The inventor missed an opportunity to power the spin with a Ford Taurus…
I did not. I’m guessing any news stories about it might only be in local papers. However, I suspect a few things:
- The house is still under construction, suggested by the open framing and plastic
- The house may be a prefab that isn’t set on a foundation yet
- Pallets are visible under the house, which makes me think this was a lark set up by the guy before they finish setting it on the foundation and roughing in the utilities.
I think this is one of those “the story is not what the internet says it is” stories. The complaint from the wife (and it’s always “the wife”) sounds made up and the whole story is a little “just so” for my taste. I think the story was made up after the stunt, and the stunt is just that- a stunt.
Being a Bosnian farmhouse, it’s also certainly possible it simply doesn’t have electricity or running water.
There are photos in the Reuters story that show the mechanism underneath and there’s definitely a substantial concrete center structure supporting this thing. I’ve worked on a few large rotating mechanisms not too unlike this, and it’s definitely not something that could easily be done as a lark. It is possible that this was all meant to be temporary and he always planned on eventually doing a fixed foundation with normal plumbing, but at this guy’s age I kinda doubt he plans to make huge changes.
indeed. from that article:
The project took six years to finish, except time off for a hospital stay due to a heart condition. “I asked doctors to try to prolong (my life) for at least a year because I have this project in my head, and… nobody will know how to complete it.”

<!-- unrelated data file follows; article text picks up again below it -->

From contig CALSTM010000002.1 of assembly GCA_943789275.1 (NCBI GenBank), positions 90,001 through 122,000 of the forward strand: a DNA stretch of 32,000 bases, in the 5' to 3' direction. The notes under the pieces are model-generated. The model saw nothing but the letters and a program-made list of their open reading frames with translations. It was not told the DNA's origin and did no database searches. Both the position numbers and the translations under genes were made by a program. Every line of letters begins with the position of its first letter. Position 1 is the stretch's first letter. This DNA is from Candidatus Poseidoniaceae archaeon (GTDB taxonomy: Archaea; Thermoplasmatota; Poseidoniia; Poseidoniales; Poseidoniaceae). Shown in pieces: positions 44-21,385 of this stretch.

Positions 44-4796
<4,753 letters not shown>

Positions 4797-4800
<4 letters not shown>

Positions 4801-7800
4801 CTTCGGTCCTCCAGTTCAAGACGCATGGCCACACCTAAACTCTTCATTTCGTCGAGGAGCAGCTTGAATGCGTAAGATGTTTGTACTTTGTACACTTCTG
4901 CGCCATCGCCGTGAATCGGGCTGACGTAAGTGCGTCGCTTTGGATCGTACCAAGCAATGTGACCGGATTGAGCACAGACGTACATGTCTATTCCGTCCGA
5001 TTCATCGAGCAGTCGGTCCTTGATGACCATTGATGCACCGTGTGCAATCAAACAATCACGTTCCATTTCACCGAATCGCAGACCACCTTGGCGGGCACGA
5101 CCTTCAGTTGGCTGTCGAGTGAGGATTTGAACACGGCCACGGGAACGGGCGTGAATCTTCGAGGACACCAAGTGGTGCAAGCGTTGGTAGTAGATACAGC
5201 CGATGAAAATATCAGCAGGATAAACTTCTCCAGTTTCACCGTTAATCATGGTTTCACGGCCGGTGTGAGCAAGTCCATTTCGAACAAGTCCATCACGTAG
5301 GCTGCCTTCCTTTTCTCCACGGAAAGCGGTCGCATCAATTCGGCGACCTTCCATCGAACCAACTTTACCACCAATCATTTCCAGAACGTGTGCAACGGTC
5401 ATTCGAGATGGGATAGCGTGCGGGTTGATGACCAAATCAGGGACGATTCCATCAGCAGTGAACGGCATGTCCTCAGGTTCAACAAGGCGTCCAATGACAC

for electrical: i do wonder if, with the proper gearing, you could generate dc just off the rotation itself.
plumbing… i don’t know. but to get rid of stuff you could always just spin it fast enough and open a window.
Running electrical power through slip rings or a bus bar would be fairly straightforward. I recently bought a 20 amp slip ring for a home project for about $15, so a larger unit that could power a small house wouldn’t be crazy expensive.
Oh good find! That’s that certainly interesting. Maybe he intends to run flexible lines which will limit rotations, but still be sufficient.
Edit: after reading your link, I’m thinking maybe the kitchen/bath are in the middle like the other houses discussed above. That round foundation is certainly big enough for a stationary core. Six years is a huge project, so I suspect there’s a lot more to this than just the rotation mechanism.
It’s so frustrating that these articles are always written at a fifth grade level, intended for people who just want to look and say, “neat!” but don’t care about the deal-breaking details. No wonder people can’t tell real from fake in the news. The details are necessary for this distinction.
There are flexible connections for electricity/water/wastewater used for floating houses, permanently moored ships and the like to compensate for tidal range. It should be possible to adapt/convert some of those to full rotation.
However, if I had to design a rotating house I would definitely opt for a non-rotating core which would hold all the water and wastewater installations. As Otherbrother says, getting electrical power into the rotating part doesn’t present much of a problem. The wet stuff falls under “possible, but not advisable”; I wouldn’t want to mess around with that, considering the possible failure modes.
Side node: IIRC, some of the follow-the-sun houses do not spin the full 360° and reset themselves during the night. I can see doing this with flexible connections.
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